AS I SEE IT
By Neal A. Shipman
As the death toll continues to rise in the latest conflict between Israel and the Hamas, one has to wonder how many people will have to die before the two parties can agree on a cease-fire and reach some sort of permanent truce.
As of last week, news reports claim that more than 1,800 Palestinians have been killed, while another 9,000 have been wounded in the Gaza region by Israel attacks. On the Israel side of the border, only 64 soldiers and three civilians have been killed. But those lopsided statistics are due in large part to the effectiveness of Israel’s Iron Dome missile defense system, which has intercepted more than 3,200 rockets that Hamas has fired into Israel.
The question of course, that begs to be answered, is how many more people, the vast majority of whom are Palestinian civilians, must die before the leaders of Israel and Hamas can reach a peace settlement.
But bringing peace, or at least a long-lasting truce to the Middle East, is going to be very difficult to achieve because the two sides are approaching the conflict from two completely different positions.
For the Hamas, which is considered a terrorist organization by many Western countries, the end of the conflict will only happen with the destruction of Israel. And that destruction can either happen by physically destroying the country though rockets or armed conflict, or by so terrorizing the citizens of Israel that they pack up and leave.
And for the Israelis, the end of this particular conflict will come when, in their opinion, they have been able to destroy the Hamas-built tunnels that allow terrorists to infiltrate their country, as well as be able to significantly reduce Hamas’ ability to wage war against them.
The battle lines have been clearly drawn. And those battle lines haven’t really changed since Israel was carved out of Palestine and became an independent state in 1948.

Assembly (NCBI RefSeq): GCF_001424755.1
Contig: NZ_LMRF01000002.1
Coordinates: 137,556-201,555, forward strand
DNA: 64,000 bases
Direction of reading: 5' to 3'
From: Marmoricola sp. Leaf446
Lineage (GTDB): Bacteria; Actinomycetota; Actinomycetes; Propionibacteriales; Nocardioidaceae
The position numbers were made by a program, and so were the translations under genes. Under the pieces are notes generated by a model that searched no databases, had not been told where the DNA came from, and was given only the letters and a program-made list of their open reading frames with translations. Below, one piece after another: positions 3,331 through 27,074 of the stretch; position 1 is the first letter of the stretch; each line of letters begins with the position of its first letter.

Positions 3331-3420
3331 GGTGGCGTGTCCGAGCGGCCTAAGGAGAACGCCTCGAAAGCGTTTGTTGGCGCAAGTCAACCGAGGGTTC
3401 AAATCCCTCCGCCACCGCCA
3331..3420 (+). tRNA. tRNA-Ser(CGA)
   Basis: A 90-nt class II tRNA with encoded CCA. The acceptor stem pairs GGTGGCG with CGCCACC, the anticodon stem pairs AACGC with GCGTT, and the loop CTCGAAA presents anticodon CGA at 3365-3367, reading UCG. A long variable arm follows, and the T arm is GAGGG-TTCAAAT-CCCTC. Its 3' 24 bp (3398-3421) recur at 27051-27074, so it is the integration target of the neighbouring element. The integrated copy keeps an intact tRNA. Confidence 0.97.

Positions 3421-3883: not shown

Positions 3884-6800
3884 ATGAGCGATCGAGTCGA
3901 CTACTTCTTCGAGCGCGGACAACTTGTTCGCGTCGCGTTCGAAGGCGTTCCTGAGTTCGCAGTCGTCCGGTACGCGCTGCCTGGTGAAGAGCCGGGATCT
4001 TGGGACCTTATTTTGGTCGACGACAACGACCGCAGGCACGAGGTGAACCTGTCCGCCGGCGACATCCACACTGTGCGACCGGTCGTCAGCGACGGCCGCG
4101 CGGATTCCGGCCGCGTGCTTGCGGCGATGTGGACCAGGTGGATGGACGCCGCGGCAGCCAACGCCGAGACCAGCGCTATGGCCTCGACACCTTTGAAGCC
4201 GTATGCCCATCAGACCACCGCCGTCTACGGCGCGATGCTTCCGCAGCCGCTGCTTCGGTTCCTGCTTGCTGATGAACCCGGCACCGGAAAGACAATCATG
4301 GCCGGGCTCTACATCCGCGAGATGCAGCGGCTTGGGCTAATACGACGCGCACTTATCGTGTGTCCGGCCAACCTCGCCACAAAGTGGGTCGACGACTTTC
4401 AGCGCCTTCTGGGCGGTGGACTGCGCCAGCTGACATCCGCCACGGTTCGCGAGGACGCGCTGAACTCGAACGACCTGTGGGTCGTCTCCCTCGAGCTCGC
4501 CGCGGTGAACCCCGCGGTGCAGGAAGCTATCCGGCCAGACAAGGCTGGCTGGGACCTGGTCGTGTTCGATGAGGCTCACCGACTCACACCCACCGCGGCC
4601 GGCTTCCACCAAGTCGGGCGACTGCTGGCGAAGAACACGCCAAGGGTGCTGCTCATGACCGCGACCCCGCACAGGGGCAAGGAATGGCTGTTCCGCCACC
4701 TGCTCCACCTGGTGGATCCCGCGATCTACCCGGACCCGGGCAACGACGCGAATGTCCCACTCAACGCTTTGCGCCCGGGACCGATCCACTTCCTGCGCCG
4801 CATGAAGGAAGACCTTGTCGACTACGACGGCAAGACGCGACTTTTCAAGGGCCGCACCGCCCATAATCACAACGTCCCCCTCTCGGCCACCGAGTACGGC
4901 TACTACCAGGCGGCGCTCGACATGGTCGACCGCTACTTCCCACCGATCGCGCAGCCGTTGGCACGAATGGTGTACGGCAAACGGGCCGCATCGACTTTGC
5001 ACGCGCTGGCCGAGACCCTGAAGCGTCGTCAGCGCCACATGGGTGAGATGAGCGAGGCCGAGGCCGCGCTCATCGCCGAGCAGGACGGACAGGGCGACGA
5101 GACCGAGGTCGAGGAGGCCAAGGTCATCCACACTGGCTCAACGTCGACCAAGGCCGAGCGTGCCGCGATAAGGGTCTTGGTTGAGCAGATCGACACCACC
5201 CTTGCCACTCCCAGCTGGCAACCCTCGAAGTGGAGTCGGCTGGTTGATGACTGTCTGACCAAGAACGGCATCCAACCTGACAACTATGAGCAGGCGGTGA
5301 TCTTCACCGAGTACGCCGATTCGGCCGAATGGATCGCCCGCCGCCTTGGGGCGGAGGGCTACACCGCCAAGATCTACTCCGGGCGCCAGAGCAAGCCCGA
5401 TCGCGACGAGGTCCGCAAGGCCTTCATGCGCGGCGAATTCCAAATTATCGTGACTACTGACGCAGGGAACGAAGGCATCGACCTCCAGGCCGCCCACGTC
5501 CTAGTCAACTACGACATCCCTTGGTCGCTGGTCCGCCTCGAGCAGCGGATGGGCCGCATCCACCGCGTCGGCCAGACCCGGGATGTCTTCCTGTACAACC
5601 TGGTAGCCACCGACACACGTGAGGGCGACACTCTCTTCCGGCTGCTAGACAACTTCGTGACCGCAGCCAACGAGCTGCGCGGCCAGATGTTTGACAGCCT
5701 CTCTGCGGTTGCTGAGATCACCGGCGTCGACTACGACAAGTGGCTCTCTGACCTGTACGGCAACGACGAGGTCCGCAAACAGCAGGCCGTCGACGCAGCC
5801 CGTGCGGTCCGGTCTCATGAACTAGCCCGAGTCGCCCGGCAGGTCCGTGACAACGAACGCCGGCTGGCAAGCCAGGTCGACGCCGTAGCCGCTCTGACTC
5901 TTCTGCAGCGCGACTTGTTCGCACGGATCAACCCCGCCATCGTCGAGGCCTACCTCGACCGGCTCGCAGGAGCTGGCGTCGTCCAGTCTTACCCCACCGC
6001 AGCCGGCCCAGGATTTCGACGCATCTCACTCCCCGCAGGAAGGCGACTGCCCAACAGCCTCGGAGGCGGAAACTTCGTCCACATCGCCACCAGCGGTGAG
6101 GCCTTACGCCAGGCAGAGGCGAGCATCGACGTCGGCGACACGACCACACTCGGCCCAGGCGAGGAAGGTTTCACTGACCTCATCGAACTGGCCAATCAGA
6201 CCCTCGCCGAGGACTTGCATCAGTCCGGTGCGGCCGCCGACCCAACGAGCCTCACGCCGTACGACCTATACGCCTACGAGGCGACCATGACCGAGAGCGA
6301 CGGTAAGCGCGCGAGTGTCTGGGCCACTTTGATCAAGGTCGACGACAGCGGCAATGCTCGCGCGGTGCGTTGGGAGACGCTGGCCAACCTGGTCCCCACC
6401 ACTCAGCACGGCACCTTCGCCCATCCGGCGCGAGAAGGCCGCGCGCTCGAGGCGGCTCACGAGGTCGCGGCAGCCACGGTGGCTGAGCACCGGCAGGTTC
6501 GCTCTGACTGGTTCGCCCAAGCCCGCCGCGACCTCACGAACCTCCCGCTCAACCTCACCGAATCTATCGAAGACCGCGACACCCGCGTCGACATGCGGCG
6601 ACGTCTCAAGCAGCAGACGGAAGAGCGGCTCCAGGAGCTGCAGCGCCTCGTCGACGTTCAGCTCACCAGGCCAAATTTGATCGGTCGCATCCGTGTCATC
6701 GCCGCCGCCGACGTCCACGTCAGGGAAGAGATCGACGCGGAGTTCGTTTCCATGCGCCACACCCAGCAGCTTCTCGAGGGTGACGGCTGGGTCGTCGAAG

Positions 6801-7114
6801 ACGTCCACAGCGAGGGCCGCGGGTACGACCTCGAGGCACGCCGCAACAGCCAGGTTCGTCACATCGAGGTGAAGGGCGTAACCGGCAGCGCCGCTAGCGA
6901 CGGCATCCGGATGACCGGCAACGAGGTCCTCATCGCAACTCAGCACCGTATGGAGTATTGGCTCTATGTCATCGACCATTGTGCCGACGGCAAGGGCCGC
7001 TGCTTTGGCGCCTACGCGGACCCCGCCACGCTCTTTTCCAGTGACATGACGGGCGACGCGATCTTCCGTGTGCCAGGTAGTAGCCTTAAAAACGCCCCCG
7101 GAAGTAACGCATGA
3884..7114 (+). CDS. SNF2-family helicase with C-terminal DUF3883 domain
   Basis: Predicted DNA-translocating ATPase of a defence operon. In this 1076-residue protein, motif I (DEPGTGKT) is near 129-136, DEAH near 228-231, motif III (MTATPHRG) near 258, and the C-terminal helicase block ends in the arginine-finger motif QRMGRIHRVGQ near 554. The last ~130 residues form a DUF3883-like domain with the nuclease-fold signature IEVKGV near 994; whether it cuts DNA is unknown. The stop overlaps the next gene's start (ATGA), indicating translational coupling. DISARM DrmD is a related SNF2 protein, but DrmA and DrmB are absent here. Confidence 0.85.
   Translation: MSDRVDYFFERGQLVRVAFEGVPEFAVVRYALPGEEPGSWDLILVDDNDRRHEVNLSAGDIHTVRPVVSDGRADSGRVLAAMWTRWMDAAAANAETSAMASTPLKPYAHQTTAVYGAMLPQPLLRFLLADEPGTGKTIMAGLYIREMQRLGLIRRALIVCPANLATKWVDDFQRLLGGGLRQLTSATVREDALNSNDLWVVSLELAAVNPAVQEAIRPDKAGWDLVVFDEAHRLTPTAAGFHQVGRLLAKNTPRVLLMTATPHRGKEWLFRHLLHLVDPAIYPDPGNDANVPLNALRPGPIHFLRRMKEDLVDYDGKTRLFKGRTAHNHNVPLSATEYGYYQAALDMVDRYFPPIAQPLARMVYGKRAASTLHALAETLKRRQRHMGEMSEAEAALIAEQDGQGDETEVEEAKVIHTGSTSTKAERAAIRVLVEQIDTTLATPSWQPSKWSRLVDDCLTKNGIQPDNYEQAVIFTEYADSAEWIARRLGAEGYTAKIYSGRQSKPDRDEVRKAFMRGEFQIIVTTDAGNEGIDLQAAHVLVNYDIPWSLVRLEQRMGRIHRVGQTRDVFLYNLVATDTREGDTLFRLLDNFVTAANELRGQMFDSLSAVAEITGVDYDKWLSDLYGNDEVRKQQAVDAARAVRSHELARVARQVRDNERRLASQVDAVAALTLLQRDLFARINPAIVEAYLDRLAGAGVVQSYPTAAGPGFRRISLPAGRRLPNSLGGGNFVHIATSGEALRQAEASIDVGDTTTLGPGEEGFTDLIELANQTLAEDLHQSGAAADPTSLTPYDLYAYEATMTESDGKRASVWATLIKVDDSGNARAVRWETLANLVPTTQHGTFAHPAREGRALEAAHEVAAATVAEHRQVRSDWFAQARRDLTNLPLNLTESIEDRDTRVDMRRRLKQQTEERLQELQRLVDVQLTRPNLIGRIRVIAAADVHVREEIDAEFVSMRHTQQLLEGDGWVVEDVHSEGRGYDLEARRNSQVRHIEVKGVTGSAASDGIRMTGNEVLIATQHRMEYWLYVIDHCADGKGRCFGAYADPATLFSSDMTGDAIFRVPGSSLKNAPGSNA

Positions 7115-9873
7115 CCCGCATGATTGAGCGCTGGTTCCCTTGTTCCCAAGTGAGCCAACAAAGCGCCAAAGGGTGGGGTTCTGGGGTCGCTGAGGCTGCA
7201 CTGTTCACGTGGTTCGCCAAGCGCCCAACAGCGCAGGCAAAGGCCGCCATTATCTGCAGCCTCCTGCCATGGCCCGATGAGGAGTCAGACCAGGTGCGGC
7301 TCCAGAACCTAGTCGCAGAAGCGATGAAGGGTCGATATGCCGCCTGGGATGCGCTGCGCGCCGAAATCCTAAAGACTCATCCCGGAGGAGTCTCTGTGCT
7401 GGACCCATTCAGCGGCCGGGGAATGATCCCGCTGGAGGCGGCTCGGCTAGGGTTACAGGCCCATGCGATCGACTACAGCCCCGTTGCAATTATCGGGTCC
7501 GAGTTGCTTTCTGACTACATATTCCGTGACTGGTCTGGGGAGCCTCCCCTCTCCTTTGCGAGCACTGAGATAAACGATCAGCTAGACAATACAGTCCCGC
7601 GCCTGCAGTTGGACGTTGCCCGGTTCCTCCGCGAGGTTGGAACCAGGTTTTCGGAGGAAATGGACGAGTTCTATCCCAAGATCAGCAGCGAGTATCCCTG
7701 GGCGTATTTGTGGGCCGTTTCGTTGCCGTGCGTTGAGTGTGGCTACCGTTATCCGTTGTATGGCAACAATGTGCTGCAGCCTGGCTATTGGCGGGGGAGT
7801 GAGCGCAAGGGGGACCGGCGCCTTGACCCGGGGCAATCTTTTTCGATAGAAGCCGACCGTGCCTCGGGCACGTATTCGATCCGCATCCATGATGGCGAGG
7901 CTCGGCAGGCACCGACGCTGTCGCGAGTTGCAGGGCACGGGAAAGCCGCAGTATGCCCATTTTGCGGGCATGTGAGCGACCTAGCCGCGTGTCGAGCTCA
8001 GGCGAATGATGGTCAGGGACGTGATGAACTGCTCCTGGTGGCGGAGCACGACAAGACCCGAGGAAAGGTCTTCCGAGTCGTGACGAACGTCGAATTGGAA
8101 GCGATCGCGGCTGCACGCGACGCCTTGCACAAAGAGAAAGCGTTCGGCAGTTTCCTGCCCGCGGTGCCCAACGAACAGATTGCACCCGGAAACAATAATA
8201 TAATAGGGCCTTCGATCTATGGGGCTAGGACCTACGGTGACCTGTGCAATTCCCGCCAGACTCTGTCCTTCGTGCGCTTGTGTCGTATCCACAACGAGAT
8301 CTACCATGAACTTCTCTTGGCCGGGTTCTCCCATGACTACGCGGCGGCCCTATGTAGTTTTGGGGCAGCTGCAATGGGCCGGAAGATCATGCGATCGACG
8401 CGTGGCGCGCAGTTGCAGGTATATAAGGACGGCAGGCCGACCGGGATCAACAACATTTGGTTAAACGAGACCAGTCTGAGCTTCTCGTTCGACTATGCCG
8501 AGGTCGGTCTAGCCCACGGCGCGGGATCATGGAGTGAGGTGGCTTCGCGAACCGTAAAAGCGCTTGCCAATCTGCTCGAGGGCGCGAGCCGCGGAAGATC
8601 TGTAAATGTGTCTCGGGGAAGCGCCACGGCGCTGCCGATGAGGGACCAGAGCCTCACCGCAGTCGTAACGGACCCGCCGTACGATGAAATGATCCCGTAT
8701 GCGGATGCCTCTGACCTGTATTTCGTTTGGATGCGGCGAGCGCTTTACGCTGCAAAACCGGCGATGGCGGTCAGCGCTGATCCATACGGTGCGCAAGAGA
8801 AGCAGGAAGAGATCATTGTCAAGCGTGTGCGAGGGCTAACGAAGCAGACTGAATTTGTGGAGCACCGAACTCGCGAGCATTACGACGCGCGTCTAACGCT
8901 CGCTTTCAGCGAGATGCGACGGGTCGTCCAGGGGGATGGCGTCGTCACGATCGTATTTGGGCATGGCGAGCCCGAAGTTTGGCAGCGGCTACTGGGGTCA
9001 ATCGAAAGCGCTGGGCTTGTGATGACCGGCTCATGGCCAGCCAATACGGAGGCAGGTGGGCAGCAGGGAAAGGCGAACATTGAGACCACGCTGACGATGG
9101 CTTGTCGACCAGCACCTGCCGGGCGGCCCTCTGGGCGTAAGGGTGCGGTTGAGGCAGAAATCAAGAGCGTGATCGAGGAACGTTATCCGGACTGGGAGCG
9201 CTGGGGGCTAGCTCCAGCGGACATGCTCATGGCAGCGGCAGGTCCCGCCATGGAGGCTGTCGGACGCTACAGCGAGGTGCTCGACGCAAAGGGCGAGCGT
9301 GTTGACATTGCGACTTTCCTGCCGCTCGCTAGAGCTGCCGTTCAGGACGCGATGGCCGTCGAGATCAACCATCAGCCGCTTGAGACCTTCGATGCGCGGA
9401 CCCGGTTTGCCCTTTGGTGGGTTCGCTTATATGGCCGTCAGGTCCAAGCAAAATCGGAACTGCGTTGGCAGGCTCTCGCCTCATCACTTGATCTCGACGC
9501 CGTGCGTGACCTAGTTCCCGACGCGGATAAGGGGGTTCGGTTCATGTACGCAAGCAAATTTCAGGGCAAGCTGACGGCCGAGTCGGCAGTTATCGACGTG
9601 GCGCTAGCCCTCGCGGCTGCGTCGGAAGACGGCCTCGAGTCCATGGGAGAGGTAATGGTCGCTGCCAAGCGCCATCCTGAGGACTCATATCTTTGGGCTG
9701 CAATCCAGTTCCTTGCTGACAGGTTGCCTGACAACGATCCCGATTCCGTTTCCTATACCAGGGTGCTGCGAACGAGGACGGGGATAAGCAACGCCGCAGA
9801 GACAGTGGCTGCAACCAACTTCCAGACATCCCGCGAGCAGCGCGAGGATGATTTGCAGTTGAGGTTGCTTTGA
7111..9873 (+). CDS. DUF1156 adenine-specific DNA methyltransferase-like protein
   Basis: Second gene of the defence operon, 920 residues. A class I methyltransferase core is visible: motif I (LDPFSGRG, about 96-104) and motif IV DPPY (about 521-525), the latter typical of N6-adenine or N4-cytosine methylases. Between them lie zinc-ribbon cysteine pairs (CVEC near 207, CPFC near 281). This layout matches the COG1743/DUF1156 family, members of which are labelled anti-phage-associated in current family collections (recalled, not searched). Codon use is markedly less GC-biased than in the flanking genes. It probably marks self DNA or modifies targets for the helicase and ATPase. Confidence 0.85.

While there are moderate Palestinian groups that are committed to recognizing Israel and want to have peace in the region, there are always other groups of Palestinians who view the Israelis and the state of Israel as evil and as something that must be destroyed.
Israel is committed to being a free state, and they recognize the very real dangers that are lurking outside their borders. Which is why they have developed perhaps the most effective missile defense system in the world, as well as created a very good military. They know from where their danger to freedom comes. In the past, it may be have been from militant groups from Egypt, Syria, Jordan, Iran or Lebanon. Today the conflict is with the Hamas. And at some time in the future, there will be another militant group that decides that their goal is to destroy Israel.
With such distrust and hatred between these two very distinct and different groups, it is no wonder that any degree of peace or truce between Israel and the Palestinians has been so short-lived.
Is it possible for a true peace to ever exist between Israel and the rest of the Middle East? History would say that if peace is to finally come to the region, it will be via a long and rocky road. But it is a road that needs to be traveled. And it is a road that the United States and the rest of the world must be willing to travel if peace is to last in the region.